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Region of Queens water boil advisory lifted after nearly two months

By Evan Taylor Oct 5, 2023 | 1:12 PM

Alabama Extension

LIVERPOOL, NS – In a welcome development for residents and businesses served by the Region of Queens Municipality’s Water Utility, the Nova Scotia Department of Environment and Climate Change has officially approved the removal of the long-standing Boil Water Advisory. After weeks of careful monitoring and efforts to address water quality concerns, customers can finally breathe a sigh of relief.

The advisory, which had been in effect since August 9, 2023, had necessitated boiling water for at least one minute before use for human consumption. The South Queens Water Treatment Facility had faced multiple challenges, including disruptions caused by an electrical storm and issues with maintaining adequate disinfection residuals in the distribution system.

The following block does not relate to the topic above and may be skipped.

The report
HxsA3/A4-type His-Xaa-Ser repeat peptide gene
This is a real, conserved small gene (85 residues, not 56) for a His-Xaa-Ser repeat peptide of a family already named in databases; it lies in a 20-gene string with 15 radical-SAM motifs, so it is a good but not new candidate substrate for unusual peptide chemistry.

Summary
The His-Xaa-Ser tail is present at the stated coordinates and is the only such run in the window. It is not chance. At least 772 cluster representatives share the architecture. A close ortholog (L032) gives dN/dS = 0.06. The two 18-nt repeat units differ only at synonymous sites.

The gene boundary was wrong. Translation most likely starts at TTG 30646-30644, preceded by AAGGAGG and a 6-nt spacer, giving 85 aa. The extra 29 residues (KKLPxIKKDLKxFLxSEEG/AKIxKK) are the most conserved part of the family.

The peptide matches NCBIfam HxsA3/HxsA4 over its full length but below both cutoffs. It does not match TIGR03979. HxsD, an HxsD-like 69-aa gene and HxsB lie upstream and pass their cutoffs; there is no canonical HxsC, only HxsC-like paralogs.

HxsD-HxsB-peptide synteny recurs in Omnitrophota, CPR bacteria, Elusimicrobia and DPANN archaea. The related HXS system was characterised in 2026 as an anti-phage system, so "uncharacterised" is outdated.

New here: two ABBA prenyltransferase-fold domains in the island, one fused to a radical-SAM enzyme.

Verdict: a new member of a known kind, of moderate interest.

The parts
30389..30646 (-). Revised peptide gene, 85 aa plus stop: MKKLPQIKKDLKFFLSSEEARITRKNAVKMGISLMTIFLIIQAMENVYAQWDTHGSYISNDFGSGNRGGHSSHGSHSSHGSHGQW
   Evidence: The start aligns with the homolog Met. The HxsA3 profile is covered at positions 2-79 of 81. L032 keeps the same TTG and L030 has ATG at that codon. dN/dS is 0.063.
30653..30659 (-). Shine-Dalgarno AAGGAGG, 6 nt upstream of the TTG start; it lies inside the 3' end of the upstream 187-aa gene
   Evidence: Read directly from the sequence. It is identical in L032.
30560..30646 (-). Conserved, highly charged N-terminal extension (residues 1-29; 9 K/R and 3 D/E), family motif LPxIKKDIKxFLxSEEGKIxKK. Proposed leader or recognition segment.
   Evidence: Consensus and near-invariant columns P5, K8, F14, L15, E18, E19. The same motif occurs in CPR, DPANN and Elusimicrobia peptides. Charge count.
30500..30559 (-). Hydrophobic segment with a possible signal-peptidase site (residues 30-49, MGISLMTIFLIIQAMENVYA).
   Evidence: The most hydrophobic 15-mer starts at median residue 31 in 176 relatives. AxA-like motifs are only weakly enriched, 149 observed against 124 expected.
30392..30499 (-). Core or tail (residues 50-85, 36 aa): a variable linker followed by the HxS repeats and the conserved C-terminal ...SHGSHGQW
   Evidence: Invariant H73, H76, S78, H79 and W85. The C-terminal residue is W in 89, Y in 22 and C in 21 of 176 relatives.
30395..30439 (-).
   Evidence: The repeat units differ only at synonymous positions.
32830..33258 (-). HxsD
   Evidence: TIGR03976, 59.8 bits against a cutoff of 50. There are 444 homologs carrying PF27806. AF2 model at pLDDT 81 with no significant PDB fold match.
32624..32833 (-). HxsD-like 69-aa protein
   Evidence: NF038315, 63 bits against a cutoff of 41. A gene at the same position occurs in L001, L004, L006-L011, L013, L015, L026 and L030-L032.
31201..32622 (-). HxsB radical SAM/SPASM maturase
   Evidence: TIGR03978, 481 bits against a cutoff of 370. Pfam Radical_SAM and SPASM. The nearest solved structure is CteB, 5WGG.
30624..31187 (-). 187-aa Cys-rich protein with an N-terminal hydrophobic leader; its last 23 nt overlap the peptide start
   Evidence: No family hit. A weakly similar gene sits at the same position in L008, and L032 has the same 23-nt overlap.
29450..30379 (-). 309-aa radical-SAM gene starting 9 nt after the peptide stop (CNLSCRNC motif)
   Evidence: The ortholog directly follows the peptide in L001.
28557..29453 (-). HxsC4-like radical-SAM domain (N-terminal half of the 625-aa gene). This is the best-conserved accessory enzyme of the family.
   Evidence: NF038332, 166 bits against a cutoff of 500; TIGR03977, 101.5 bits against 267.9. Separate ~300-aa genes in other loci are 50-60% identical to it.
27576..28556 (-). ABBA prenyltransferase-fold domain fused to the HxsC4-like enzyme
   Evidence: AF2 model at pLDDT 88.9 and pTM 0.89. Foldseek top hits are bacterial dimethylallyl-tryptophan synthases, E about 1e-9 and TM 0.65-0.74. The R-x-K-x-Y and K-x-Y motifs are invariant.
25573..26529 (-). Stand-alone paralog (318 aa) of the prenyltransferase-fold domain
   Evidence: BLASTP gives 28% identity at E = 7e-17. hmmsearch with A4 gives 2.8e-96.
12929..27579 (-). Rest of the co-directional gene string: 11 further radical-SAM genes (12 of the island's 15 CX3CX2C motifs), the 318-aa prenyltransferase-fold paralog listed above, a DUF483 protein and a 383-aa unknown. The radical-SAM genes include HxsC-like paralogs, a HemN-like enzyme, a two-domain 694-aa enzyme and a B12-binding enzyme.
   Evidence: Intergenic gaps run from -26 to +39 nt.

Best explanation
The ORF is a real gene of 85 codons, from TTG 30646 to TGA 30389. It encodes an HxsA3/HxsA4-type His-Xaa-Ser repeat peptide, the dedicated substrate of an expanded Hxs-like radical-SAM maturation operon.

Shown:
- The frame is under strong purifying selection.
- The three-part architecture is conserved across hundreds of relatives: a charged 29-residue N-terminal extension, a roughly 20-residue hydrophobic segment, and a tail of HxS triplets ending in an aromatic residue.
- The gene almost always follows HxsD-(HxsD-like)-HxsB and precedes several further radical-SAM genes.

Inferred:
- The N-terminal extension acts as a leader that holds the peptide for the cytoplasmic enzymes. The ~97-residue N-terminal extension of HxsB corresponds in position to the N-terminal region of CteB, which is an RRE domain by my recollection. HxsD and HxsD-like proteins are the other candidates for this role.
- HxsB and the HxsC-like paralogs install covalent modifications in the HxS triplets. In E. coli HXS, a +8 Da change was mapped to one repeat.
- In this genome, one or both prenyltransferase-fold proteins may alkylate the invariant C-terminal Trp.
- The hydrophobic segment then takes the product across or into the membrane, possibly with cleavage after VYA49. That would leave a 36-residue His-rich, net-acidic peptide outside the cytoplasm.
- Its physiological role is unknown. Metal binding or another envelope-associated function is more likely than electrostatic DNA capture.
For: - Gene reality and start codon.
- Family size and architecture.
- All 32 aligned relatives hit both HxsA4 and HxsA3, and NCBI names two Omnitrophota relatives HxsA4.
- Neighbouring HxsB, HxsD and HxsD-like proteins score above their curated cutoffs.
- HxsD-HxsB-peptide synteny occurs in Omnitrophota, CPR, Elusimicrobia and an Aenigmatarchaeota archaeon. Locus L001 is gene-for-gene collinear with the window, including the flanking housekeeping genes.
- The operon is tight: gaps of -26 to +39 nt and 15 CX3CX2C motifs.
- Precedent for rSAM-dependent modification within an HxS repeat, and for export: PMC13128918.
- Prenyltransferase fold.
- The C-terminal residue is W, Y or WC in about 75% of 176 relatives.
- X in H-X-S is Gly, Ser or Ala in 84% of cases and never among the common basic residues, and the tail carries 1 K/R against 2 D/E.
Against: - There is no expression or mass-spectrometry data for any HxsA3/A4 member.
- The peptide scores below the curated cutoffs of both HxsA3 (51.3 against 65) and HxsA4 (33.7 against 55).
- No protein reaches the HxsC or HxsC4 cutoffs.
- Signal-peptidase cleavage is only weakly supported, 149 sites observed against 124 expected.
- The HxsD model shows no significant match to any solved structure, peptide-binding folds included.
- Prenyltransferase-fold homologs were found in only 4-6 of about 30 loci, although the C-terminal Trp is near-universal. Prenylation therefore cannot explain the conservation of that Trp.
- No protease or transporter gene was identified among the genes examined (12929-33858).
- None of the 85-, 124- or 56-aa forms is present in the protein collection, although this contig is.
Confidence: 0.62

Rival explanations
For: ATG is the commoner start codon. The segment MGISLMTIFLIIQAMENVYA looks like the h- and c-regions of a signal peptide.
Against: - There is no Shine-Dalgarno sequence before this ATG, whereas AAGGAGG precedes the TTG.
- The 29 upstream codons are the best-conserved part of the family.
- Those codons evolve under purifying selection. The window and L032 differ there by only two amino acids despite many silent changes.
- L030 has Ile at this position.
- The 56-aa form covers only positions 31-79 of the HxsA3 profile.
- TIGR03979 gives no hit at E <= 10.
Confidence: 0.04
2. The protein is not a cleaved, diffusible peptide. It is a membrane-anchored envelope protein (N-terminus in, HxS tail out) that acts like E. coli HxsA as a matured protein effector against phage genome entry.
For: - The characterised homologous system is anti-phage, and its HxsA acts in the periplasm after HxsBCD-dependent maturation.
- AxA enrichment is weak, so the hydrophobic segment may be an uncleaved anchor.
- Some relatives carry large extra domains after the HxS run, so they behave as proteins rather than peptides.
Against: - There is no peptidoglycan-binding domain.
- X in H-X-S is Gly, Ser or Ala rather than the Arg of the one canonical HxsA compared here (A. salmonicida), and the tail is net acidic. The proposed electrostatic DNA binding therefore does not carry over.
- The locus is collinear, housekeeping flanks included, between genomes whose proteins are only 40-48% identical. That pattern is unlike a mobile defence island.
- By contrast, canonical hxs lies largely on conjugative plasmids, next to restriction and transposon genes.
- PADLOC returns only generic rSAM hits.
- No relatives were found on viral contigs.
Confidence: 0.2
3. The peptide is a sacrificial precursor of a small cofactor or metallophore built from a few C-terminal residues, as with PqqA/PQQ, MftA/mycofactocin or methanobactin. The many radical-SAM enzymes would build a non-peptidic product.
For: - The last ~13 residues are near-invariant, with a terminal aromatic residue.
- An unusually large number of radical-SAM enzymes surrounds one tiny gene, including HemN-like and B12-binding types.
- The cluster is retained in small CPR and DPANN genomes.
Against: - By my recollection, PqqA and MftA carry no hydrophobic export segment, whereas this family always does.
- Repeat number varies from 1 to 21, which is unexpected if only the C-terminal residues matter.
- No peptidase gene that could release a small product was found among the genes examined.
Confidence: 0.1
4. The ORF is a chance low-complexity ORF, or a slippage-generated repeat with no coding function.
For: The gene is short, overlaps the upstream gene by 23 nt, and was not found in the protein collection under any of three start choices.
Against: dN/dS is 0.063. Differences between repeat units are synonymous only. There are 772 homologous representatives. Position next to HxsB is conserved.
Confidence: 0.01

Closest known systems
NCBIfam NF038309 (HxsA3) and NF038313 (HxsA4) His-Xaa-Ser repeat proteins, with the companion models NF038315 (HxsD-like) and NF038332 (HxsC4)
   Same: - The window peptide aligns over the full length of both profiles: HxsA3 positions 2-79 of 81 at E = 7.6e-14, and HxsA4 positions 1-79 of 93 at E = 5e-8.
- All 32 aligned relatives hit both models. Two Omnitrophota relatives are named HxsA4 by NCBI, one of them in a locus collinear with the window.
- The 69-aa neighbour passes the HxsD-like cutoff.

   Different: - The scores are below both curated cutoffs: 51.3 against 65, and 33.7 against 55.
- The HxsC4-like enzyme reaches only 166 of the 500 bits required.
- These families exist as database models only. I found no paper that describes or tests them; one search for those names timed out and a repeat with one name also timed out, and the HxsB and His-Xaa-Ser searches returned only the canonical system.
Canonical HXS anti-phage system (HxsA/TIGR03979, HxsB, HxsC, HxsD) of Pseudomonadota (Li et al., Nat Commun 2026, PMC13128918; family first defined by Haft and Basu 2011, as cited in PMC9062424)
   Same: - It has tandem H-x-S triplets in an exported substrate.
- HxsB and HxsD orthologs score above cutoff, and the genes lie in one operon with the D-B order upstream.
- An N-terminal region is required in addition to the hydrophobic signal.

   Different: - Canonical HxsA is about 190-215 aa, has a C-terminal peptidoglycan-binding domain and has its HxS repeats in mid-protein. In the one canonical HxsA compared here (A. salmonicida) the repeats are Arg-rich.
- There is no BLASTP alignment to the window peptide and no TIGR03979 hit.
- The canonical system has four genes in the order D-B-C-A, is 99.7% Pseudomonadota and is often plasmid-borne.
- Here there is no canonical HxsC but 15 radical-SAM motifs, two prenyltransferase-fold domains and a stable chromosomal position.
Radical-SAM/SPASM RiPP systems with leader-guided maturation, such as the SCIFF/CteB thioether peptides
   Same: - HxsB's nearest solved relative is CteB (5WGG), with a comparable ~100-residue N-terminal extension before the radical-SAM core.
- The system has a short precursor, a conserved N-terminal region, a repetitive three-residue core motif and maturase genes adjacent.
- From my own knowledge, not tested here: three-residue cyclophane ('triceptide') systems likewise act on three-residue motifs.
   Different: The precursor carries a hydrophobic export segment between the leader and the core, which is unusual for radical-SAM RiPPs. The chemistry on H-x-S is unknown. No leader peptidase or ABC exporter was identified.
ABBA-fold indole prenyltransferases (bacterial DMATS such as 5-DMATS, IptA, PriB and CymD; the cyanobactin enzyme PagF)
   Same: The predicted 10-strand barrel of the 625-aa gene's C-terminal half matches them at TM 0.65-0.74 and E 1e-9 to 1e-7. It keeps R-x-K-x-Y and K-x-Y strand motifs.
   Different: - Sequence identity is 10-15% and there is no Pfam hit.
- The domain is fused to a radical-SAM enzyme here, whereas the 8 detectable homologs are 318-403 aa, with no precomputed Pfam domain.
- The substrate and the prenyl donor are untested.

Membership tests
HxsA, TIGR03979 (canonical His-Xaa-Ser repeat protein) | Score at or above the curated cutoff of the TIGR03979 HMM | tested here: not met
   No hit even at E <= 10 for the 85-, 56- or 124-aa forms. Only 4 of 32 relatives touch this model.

Recent Progress Leads to Advisory Removal

The latest update on October 5, 2023, confirmed that the Region of Queens Municipality’s Direct Responsible Charge (DRC) had successfully resolved the water quality production issues. Subsequent assessments indicated that the Water Utility now meets all regulatory requirements, leading to the removal of the Boil Water Advisory.

While the use of a consulting firm to fulfill the DRC role was a temporary solution due to a lack of qualified personnel on municipal staff, ongoing training and recruitment efforts are being pursued to ensure a more robust and permanent solution for the future.

Residents and businesses in the area are encouraged to return to normal water usage practices without the need for boiling water. Additionally, the public potable water source at Cowie Well, located at 733 Main St., Liverpool, is available for residents to fill their containers free of charge.

Reassurance Amidst Challenges

Throughout the advisory, the Region of Queens Water Utility consistently prioritized public safety and engaged in extensive collaboration with health officials, engineers, and specialists in the drinking water field. While the risk of waterborne contaminants was deemed low, the advisory remained in place until laboratory results confirmed that it was no longer necessary.

Council and staff also took proactive steps to investigate the potential for temporary financial relief for affected customers, acknowledging the challenges they faced during this period.